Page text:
City Research Online

Age-Related Changes in the Natural Killer Cell Response to Seasonal Influenza Vaccination Are Not Influenced by a Synbiotic: a Randomised Controlled Trial

Przemska-Kosicka, A., Childs, C. E., Maidens, C. , Dong, H. ORCID: 0000-0003-2225-7256, Todd, S., Gosney, M. A., Tuohy, K. M. & Yaqoob, P. (2018). Age-Related Changes in the Natural Killer Cell Response to Seasonal Influenza Vaccination Are Not Influenced by a Synbiotic: a Randomised Controlled Trial. Frontiers in Immunology, 9, 591. doi: 10.3389/fimmu.2018.00591


Natural killer (NK) cells are an important component of the immune response to influenza infection, but are subject to alteration during aging, which may play a role in impaired response to infection and vaccination in older people. Enhancement of NK cell activity could, therefore, present a means to improve the immune response to vaccination in older subjects, and pre- and probiotics offer an opportunity to modulate antiviral defenses via alteration of the gut microbiota. This study investigated the effect of a novel probiotic, Bifidobacterium longum bv. infantis CCUG 52486, combined with a prebiotic, gluco-oligosaccharide (B. longum + Gl-OS), on the NK cell response to seasonal influenza vaccination in young and older subjects in a double-blind, randomized controlled trial. There were significant effects of aging on NK cell phenotype, the most notable of which were an increase in CD56dim cells, mainly reflected in the CD16+ subset, a decrease in CD56bright cells, mainly reflected in the CD16− subset, and greater expression of the immunosenescence marker, CD57, on NK cell subsets. However, these changes only partially translated to differences in NK cell activity, observed as trends toward reduced NK cell activity in older subjects when analyzed on a per cell basis. Influenza vaccination increased the proportion of CD56bright cells and decreased the proportion of CD56dim cells, in young, but not older subjects. Although NK cell activity in response to vaccination was not significantly different between the young and older subjects, low post-vaccination NK cell activity was associated with poor seroconversion in only the older subjects. There was no influence of the synbiotic on NK cell phenotype or activity, either before or after influenza vaccination. In conclusion, aging is associated with marked alteration of the phenotype of the NK cell population and there was evidence of an impaired NK cell response to influenza vaccination in older subjects. The effects of aging on NK cell phenotype and activity could not be offset by B. longum + Gl-OS.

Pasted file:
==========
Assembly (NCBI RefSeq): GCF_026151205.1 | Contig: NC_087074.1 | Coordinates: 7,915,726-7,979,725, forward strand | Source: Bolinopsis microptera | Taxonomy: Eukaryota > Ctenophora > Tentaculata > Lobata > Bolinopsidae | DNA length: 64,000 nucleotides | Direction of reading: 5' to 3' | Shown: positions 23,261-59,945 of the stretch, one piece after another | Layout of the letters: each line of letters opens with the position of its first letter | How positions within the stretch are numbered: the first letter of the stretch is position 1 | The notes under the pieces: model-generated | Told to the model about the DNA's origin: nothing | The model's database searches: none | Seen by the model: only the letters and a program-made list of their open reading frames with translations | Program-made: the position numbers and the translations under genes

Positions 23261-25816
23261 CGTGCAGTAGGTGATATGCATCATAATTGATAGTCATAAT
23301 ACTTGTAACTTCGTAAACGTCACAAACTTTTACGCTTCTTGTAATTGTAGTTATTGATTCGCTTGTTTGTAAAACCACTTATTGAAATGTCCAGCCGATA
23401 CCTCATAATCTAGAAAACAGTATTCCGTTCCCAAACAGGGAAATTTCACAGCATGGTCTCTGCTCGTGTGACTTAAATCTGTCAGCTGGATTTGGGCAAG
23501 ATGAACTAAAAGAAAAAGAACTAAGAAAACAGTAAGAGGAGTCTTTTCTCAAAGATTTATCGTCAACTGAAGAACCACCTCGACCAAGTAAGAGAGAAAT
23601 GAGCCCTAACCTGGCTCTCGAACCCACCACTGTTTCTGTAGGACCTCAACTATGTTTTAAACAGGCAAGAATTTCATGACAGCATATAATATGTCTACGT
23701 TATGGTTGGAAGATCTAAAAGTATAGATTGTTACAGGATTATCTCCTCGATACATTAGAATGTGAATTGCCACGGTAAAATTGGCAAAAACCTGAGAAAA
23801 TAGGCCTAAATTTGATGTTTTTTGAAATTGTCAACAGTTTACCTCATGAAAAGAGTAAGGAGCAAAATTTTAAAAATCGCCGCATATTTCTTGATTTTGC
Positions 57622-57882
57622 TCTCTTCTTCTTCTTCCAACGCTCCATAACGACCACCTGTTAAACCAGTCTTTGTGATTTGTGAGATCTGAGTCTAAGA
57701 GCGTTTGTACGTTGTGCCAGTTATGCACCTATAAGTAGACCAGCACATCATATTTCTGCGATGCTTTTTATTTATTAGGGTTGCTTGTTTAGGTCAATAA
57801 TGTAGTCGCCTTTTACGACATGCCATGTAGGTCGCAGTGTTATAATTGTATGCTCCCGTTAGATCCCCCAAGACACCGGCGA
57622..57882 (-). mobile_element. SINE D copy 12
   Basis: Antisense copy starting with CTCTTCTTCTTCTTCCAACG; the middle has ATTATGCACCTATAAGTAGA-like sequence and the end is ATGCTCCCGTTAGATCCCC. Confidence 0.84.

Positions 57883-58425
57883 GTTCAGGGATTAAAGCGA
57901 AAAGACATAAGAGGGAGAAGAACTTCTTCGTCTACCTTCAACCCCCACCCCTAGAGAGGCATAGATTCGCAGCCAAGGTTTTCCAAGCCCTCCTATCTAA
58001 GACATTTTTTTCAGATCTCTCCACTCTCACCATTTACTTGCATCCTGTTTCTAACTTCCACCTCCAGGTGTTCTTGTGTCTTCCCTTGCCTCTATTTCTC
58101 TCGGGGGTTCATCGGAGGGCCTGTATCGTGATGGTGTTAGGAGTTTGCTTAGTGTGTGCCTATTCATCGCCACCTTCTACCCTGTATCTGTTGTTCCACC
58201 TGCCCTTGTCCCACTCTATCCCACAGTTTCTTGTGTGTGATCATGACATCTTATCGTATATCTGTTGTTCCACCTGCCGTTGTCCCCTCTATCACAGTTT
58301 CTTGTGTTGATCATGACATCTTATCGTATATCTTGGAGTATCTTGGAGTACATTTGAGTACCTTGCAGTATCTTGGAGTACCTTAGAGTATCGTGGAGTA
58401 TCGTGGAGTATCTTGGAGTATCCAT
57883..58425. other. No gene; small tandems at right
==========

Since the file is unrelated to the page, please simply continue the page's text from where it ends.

Publication Type: Article
Additional Information: Copyright © 2018 Przemska-Kosicka, Childs, Maidens, Dong, Todd, Gosney, Tuohy and Yaqoob. This is an open-access article distributed under the terms of the Creative Commons Attribution License (CC BY). The use, distribution or reproduction in other forums is permitted, provided the original author(s) and the copyright owner are credited and that the original publication in this journal is cited, in accordance with accepted academic practice. No use, distribution or reproduction is permitted which does not comply with these terms.
Publisher Keywords: aging, influenza, prebiotic, probiotic, vaccination
Subjects: Q Science > QR Microbiology > QR180 Immunology
R Medicine > RA Public aspects of medicine > RA0421 Public health. Hygiene. Preventive Medicine
R Medicine > RC Internal medicine
Departments: School of Health & Psychological Sciences > Healthcare Services Research & Management
Text - Published Version
Available under License Creative Commons: Attribution International Public License 4.0.

Download (284kB) | Preview



Downloads per month over past year

View more statistics

Actions (login required)

Admin Login Admin Login